Home Menu Search

Driver distraction: an increasing factor in road crashes

23 March 2016

Driver distraction has been a growing phenomenon in recent years and it is becoming a major contributing factor in road crashes. With the installation of more and more devices in cars, and especially the increased use of mobile telephones while driving, the problem is likely to get worse.

The European Commission has recently published a study on good practices for reducing risks caused by distraction.

Driving requires continuous attention to the road and traffic, as well as good vehicle control. Not paying full attention can lead to a loss of control, thus putting the driver and other road users in danger. Drivers get distracted when they are occupied with other activities. Their attention can be attracted by people or activities inside or outside the car. They may also become tired or daydream.

As Shaun Helman of the Transport Research Laboratory explains, ‘The term "driver distraction" is used widely in road safety. Although there is currently no common definition, it is generally agreed that a driver is "distracted" if their attention is focused on something other than driving. This, of course, must have consequences for safety; however, estimating the size of the problem is difficult, because different countries use different ways of coding distraction in their accident databases, and some countries don’t even collect such data. The best estimate we have is that around 10-30 % of road accidents (in the EU) have distraction of some kind as a contributory factor.’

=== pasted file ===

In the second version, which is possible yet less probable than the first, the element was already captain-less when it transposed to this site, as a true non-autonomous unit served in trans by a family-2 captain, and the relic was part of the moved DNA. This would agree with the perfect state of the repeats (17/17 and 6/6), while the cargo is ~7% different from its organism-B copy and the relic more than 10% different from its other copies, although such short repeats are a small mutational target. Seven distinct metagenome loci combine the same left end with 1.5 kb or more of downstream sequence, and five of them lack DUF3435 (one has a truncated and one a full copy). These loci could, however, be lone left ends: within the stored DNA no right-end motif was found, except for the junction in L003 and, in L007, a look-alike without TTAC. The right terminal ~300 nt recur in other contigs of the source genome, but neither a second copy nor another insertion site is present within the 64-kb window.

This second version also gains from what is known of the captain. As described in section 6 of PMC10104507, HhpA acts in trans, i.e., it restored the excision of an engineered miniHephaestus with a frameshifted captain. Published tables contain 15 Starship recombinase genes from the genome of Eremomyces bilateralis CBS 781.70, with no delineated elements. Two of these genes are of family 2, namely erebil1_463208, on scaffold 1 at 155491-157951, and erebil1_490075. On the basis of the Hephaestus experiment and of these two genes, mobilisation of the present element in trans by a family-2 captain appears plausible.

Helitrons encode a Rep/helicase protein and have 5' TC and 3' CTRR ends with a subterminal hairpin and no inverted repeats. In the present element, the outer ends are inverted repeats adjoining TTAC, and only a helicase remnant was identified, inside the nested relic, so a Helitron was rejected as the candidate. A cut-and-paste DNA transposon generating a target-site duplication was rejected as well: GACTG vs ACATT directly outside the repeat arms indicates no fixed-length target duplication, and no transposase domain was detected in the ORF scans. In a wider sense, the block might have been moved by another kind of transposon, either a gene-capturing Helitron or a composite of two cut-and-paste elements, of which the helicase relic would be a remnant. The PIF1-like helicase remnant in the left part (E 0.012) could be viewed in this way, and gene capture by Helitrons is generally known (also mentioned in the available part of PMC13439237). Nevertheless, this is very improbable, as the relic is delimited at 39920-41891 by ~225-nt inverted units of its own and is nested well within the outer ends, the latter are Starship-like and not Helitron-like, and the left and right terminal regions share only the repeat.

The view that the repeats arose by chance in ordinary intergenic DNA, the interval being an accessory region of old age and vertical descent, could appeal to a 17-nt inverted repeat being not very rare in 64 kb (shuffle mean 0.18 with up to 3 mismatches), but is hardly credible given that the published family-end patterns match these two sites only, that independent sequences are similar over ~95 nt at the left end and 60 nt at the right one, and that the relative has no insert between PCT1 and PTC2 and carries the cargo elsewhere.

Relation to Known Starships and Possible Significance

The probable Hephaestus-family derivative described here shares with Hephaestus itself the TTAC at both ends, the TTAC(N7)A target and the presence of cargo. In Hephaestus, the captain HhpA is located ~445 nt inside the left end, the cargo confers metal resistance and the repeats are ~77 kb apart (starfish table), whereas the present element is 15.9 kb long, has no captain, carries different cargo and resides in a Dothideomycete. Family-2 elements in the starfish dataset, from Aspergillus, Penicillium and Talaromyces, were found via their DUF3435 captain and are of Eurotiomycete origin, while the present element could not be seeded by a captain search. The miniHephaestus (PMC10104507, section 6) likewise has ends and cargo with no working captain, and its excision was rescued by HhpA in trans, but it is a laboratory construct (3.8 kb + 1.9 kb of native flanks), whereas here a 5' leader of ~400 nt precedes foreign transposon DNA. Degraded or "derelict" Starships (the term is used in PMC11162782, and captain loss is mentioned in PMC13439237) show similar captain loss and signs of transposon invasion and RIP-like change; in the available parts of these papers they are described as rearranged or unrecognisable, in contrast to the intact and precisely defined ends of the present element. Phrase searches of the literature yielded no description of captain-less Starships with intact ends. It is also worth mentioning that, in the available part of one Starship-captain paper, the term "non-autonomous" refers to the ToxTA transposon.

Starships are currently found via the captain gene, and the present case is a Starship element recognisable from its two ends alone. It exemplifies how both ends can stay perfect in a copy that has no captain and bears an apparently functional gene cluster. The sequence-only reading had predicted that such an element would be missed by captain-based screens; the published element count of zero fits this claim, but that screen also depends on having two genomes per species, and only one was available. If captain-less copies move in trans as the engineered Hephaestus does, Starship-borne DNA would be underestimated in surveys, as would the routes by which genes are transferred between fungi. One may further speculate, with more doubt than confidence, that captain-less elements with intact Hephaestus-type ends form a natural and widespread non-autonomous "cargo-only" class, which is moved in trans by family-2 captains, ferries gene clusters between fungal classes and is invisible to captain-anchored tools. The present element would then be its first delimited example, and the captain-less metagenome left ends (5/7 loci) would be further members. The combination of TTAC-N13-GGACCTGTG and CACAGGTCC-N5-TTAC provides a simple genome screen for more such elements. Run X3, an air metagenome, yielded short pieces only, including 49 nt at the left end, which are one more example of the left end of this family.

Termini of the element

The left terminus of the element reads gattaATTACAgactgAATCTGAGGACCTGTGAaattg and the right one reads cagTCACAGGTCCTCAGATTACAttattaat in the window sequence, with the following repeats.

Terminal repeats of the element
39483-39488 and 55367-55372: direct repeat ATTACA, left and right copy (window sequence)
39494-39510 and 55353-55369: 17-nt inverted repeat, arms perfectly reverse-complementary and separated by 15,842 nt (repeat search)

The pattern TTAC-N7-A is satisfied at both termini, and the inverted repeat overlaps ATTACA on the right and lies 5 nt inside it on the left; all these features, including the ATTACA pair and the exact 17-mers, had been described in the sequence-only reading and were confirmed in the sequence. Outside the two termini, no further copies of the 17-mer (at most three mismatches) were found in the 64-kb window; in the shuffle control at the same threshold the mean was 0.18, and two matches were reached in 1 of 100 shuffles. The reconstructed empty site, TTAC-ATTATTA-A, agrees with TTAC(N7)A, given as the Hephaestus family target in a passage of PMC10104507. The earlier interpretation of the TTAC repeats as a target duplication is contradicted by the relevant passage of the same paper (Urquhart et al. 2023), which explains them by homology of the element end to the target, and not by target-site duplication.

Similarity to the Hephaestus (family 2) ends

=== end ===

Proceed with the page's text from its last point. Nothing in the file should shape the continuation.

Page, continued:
While sources of distraction are many and varied, there are four basic types:

  • visual distraction (e.g. looking away from the road)
  • auditory distraction (e.g. a phone ringtone)
  • biomechanical distraction (e.g. tuning the radio)
  • cognitive distraction (e.g. daydreaming)

Dr Helman added,  ‘Technology may also help to reduce distraction – systems such as automated braking and lane keeping can help to mitigate the effects of distraction, and in the future higher levels of automation may even remove the effects of distraction altogether. For now however, it will be important that all drivers understand the risks and the unacceptability of being distracted while driving. In short, you cannot do two things at once, if one of those things is driving.’

For more information please click here.










Related news, events and information

New report from the European Road Safety Observatory: focus on distraction

19 January 2024 – The European Road Safety Observatory Distraction report also highlights effective measures against distracted...

Driver Distraction - New Report

4 April 2011 – Distracted driving is a serious and growing threat to road safety. With more and more people owning mobile...

Webinar - Eliminating driver distractions.

4 September 2019 – The Eliminating driver distractions Global Fleet Champions' webinar will take place on the 10th October 2019 -...

Increased autonomy sparks distracted driving warning for business drivers

12 February 2019 – Story from Fleet News. Businesses need to urgently tackle the issue of distracted drivers and overhaul their...

Driver Distraction - New resources available

8 June 2023 – Distraction is a leading a cause of collision. Whether manual, visual or cognitive, a distracted driver is not...

Distracted Driving in UAE

1 February 2023 – Distracted driving is the act of driving while engaged in other activities—such as looking after...

Scenery - The new killer

1 September 2006 – 30 August 2006 According to a recent survey DRIVER distraction has been highlighted as a major contributor to...

Smartphone apps creating more distraction

26 April 2012 – Recent survey findings from RoadSafe partner ingenie®, the car insurance brand for young drivers, reveal...

Tough new penalties for illegal mobile phone use from 27 February 2007

28 January 2007 – Motorists face tough new penalties for breaking the law by using a hand-held mobile phone while driving from...